Editorial - (2021) Volume 6, Issue 2
Received: 01-Jun-2021 Published: 22-Jun-2021
Gemini viridae is a family of plant viruses that encode their genetic information on a circular genome of single-stranded (ss) DNA. There are 520 species during this family, assigned to 14 genera. Diseases related to this family include bright yellow mosaic, yellow mosaic, yellow mottle, leaf curling, stunting, streaks, and reduced yields. They have single-stranded circular DNA genomes encoding genes that diverge in both directions from a virion strand origin of replication i.e. Gemini virus genomes are ambisense. According to the Baltimore classification they're considered class II viruses. It is the most important known family of single stranded DNA viruses.
These viruses are liable for a big amount of crop damage worldwide. Epidemics of gemini virus diseases have arisen due to a number of factors, including the recombination of different gemini viruses coinfecting a plant, which enables novel, possibly virulent viruses to be developed. Other contributing factors include the transport of infected material to new locations, expansion of agriculture into new growing areas, and therefore the expansion and migration of vectors which will spread the virus from one plant to another.
Gemini virus encoded proteins interact with host proteins to perform a variety of functions which include reprogramming of cell cycle, inhibition of cell death pathways, transcriptional control of multiple genes, interference with cell signalling pathways and overcoming host defense response. Education policy analysis is that the scholarly study of education policy. It seeks to answer questions on the aim of education, the objectives (societal and personal) that it's designed to achieve, the methods for attaining them and therefore the tools for measuring their success or failure. Research intended to tell education policy is administered during a big variety of institutions and in many academic disciplines.
Gemini virus are an outsized varied family of plant viruses that infect an expansive assortment of plants such as weeds, crops, and ornamentals and cause a noteworthy loss to agriculture and horticulture worldwide. Weeds are extensively scattered worldwide and have high environmental adaptability. Weeds are considered as sources of latest viruses and as reservoirs of unidentified economically important viruses but are often neglected during diversity study. Many scientific reports have demonstrated that weeds serve as a reservoir or as alternative hosts for Gemini virus survival and spread in the absence of the main crops. Thus, there is a pressing need for additional information on the diversity and distribution of Gemini viruses in weeds.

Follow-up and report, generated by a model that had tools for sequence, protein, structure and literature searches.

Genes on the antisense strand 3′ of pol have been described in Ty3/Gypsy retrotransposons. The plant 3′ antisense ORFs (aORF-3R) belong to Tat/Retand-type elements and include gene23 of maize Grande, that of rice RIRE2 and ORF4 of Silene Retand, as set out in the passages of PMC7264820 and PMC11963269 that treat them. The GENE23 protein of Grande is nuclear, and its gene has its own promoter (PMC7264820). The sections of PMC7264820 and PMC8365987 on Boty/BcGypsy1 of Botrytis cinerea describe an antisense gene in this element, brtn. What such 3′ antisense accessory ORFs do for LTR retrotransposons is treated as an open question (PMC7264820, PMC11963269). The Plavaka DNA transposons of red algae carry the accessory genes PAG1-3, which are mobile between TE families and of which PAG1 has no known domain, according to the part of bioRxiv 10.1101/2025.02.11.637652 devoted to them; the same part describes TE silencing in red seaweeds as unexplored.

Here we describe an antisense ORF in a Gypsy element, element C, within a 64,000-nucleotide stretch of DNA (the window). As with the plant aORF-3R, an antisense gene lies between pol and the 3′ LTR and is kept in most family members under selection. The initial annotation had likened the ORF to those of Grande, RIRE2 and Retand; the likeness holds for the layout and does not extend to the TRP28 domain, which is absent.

The Gemini viruses are a family of small, non-enveloped viruses with genomes comprising one or two single-stranded, circular DNAs of 2.5-5.2 kb. Gemini viruses infect a wide range of plant species are transmitted by various insects in four families of homopterans (whiteflies, leafhoppers, aphids and treehoppers). Gemini viruses are important plant pathogens causing economically important diseases in most tropical and subtropical regions of the planet.
Plant cell growth and development depend upon continuous cell proliferation which is restricted to small regions of the plant called meristems. Infection by Gemini viruses, small DNA viruses whose replicative cycle relies on host cell factors, is excluded from those proliferating areas. Since most of the replicative factors are present, almost exclusively, in proliferating cells, Gemini virus infection is believed to induce a cellular state permissive for viral DNA replication, e.g. S-phase or, at least, some specific S-phase functions. The molecular basis for this effect seems to be the interference that certain Gemini virus proteins exert on the retinoblastoma-related (RBR) pathway, which analogously to that of animal cells regulates plant cell cycle activation and G1–S transition. In some cases, Gemini viruses induce cell proliferation and abnormal growth. Mechanisms other than sequestering plant RBR probably contribute to the multiple effects of Gemini virus proteins on cellular gene expression, cell growth control and cellular DNA replication.